Auction 119 Antiques & Works of Art, Silver & Jewellery


The Resurrection of Christ

OFICINA RÉGIA Cristóvão de Figueiredo (c. 1490-c. 1555) e Diogo de Contreiras (c. 1500-1563), Attrib.


80.000 - 120.000

Session 1

19 October 2022


Royal Painting Studio
Oil on oak panel
Lisbon, ca. 1530
Restored at Edmundo Silva Workshop, Lisbon, ca. 1970

121x59 cm



Additional Information

Private Collection São João do Estoril

Lot Essay

A Bella Maniera

Vítor Serrão
Art Historian
Professor at the School of Arts and Humanities of Lisbon

The ‘Resurrection of Christ’ herewith described, with provenance from a private collection in São João do Estoril, near Lisbon (l), is a prime testimony to Lisbon produced art under the royal patronage of King João III.
Nothing is known about its origin, but it is unquestionable that it was once part of an altarpiece composed of various other scenes of the ‘Passion of Christ’, which was eventually dismantled from a now extinct and unidentified convent. The number 66, painted in black on the back of the painting, together with a red wax seal of an unknown proprietor (m), suggest 19th century ownership and imply that the painting (most certainly considered as it was current practice in the 1800s, a “Portuguese primitive from the Grão Vasco School”), might have belonged to an important private collection, as can be inferred by its high inventory number and by the quality of the painting itself.
It remains a mystery, considering the stupendous quality of the panel and its exceptional execution, how it had remained completely unknown to Old Master’s specialists and scholars until the end of the last century, and that it was not even referred in the literature about art auction sales and domestic collecting. Such is indeed an astonishing and unexplained void.
The painting’s importance was recognised on the occasion of a 1999 International Seminar at the José de Figueiredo Institute, in Lisbon, after a preliminary assessment by Art Historian Dagoberto L. Markl and by the undersigned. The assumption that it represented a precocious work by Diogo de Contreiras was at once accepted as viable, based on affinities of style, of models and of execution, when compared with other paintings of undoubted authorship by the same artist, such as those from the churches of São Silvestre of Unhos (1537-1538), of São Quintino of Serramena (ca. 1540), and of Santa Maria of Almoster (1542-45) (n). The manner of portraying the heads (of the soldiers on the lower section) and the characteristic treatment of hands for instance, find similarities in the above mentioned Contreiras paintings, allowing for the authorship attribution of at least a substantial part of this ‘Resurrection’. As we have written in 1999, “it was only from that moment onwards that the panel was granted its study in the historical-artistic context of Portuguese paintings dating from the reign of King João III, and was hence brought stylistically close to the ‘first period’ of the painter Diogo de Contreiras (ca. 1500-1568), considered by Joaquim Oliveira Caetano, the key personality of the generation that marked the twilight of the late Renaissance canons and the rising of the new language of International Mannerism” (o).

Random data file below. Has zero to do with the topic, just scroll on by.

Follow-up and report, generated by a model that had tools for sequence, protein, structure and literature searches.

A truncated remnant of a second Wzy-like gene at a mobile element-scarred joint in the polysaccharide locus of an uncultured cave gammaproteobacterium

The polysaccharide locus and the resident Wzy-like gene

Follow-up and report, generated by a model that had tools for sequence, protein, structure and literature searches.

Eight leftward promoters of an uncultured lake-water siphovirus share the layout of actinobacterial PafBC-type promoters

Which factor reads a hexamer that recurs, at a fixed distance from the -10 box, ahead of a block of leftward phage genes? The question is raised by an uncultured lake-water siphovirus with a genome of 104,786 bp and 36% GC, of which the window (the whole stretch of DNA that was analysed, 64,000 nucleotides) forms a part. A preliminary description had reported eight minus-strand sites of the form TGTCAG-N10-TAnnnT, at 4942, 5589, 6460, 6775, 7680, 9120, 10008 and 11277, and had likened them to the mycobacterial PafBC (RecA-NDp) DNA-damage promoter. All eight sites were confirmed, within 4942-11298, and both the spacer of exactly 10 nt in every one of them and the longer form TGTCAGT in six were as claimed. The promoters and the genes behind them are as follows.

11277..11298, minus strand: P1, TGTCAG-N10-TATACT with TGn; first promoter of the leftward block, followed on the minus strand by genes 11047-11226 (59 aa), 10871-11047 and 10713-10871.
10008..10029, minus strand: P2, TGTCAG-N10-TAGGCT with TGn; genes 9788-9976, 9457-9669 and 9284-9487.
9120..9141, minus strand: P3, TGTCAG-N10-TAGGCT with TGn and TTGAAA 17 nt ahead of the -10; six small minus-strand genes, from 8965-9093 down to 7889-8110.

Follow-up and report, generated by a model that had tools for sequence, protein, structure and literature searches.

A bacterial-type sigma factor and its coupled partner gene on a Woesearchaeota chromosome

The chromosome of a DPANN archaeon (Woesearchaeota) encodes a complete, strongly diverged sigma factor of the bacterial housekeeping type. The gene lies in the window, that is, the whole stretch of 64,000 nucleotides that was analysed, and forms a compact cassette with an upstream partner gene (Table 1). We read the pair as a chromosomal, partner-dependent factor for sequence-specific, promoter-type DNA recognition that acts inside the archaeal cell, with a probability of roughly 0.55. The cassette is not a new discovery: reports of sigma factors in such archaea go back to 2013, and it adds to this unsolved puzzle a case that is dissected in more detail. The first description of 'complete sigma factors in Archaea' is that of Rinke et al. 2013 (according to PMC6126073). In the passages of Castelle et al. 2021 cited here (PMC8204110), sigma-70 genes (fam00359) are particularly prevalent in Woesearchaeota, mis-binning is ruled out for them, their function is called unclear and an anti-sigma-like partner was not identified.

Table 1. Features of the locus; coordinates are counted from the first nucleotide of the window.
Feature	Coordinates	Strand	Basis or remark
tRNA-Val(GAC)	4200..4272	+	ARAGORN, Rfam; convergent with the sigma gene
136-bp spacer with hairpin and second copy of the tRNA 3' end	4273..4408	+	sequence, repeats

We are indeed in the presence of a painting of depurated artistic conception, evident brushstroke elegance, with figures and other plastic richness’s, as well as weaponry, architectures, and backgrounds, distributed on a spatial organization that adheres to rules of Renaissance perspective. In addition to this exemplary effect there is also obvious elegance of execution, so much so in the drafting of the human figures (particularly the soldiers sleeping by the open tomb, with their suits of armour of Dutch ornamentation) as well as in the transparency of atmospheres, the mastery of colours, the poetry of the landscape background to the left (emphasizing the detail of the Noli me tangere - the apparition of the resuscitated Jesus to Mary Magdalene by the fountain in the garden), an in the general unearthly light effects that shroud the whole scene.